Holidays are supposed to be a joyous time, but for children of divorce, the holidays can mean stress, arguments, competition, sadness, anger, and disappointment. You can help your children avoid negative emotions by listening to them during the holidays—ask them about what they want to do and with whom they want to spend time. Do not minimize their feelings, and most importantly, do not forget that the holidays are supposed to be fun. Avoid starting arguments with your former partner, and try your best to work with him or her.

Start New Traditions

For children of divorce—especially older children—the holidays can be particularly difficult because they are used to certain family traditions. You can help ease the pain and sadness, and even help your child look forward to more holidays in a “split family,” by starting new traditions.

Plan Ahead

The worst thing that you and your former spouse can do for your child is to fail to come up with a holiday parenting plan. Failure to establish a schedule can lead to arguments, confusion, and resentment. You can avoid all this by establishing in a court-ordered agreement that dictates where your child should be and when during the holidays. For instance, your court agreement may state that your child is with Dad from 3 pm until 9 pm on Christmas Eve on even years, and with Mom from 9 pm until 3 pm on Christmas Day; the schedule may switch on odd numbered years. This type of plan can help to avoid confusion and misunderstandings and establish consistency, which the child will come to grow used to and even crave.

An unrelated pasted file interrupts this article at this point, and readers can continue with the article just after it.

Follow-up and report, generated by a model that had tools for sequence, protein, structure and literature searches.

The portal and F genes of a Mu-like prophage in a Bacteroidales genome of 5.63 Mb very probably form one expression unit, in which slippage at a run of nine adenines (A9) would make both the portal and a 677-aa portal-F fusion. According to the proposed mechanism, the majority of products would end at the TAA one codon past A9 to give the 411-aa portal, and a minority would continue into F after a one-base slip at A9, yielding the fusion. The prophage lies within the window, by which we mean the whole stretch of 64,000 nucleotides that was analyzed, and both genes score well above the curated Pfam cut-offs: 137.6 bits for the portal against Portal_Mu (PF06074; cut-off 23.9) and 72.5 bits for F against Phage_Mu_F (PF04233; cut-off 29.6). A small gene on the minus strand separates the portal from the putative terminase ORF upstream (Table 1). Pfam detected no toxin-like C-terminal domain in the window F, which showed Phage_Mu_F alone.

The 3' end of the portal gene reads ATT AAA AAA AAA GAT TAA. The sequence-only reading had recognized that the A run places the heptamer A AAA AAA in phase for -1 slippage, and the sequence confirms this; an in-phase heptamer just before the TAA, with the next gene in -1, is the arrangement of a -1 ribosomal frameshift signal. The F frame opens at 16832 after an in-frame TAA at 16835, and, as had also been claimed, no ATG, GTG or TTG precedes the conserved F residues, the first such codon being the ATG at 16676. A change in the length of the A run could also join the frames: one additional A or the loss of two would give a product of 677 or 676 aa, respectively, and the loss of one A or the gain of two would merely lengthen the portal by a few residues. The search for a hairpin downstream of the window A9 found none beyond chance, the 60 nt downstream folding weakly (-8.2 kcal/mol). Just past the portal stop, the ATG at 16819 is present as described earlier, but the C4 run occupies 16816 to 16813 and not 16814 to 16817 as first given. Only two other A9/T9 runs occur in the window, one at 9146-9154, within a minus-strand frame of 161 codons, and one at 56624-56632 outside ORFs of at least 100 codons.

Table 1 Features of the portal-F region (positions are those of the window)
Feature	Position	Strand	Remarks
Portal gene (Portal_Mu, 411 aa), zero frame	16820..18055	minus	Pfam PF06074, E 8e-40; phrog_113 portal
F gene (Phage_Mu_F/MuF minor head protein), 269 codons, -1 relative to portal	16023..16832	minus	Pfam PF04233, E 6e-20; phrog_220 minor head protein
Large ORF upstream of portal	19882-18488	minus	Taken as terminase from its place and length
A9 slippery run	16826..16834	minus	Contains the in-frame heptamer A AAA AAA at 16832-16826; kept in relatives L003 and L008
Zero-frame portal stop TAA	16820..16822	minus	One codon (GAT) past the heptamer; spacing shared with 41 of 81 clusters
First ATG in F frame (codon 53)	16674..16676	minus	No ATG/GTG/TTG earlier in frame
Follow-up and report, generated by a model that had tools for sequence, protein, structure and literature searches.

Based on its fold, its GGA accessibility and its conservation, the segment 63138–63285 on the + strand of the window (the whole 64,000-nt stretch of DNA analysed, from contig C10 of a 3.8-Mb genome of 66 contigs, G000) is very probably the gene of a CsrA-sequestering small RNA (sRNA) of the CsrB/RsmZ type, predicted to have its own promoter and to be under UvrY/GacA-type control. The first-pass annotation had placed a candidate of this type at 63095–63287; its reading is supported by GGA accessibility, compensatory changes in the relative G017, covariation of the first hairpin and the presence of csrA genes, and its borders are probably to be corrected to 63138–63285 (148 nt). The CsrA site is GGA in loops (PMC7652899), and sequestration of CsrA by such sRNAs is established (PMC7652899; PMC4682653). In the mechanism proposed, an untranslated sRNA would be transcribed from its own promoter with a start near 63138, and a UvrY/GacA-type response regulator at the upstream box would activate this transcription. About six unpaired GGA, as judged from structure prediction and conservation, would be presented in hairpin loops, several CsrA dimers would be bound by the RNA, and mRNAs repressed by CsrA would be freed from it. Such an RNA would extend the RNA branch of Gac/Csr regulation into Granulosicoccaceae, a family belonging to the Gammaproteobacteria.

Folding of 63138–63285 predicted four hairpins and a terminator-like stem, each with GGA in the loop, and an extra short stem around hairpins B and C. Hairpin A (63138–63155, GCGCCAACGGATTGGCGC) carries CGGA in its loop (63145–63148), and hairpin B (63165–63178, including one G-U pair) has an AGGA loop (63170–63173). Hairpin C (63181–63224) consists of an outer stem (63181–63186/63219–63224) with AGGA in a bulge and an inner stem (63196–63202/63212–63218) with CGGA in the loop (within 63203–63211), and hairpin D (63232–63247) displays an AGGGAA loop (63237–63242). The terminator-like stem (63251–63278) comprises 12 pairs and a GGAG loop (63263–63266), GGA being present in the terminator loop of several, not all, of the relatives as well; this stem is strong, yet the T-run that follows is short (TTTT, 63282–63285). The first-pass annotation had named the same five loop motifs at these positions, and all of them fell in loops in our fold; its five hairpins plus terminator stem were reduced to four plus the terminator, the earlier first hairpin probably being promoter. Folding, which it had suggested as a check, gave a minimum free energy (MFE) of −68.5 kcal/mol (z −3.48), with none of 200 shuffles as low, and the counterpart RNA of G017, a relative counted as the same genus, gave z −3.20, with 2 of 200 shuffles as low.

Retain the Help of a Compassionate Dallas Family Law Attorney

If you want to help your child enjoy the holidays rather than just cope with them, it is imperative that you plan ahead. Establish a holiday parenting schedule and get it in writing, and agree to get along with your child’s other parent at least for the holidays. Keep in mind that though the holidays may be hard on you, they are even more painful for your child.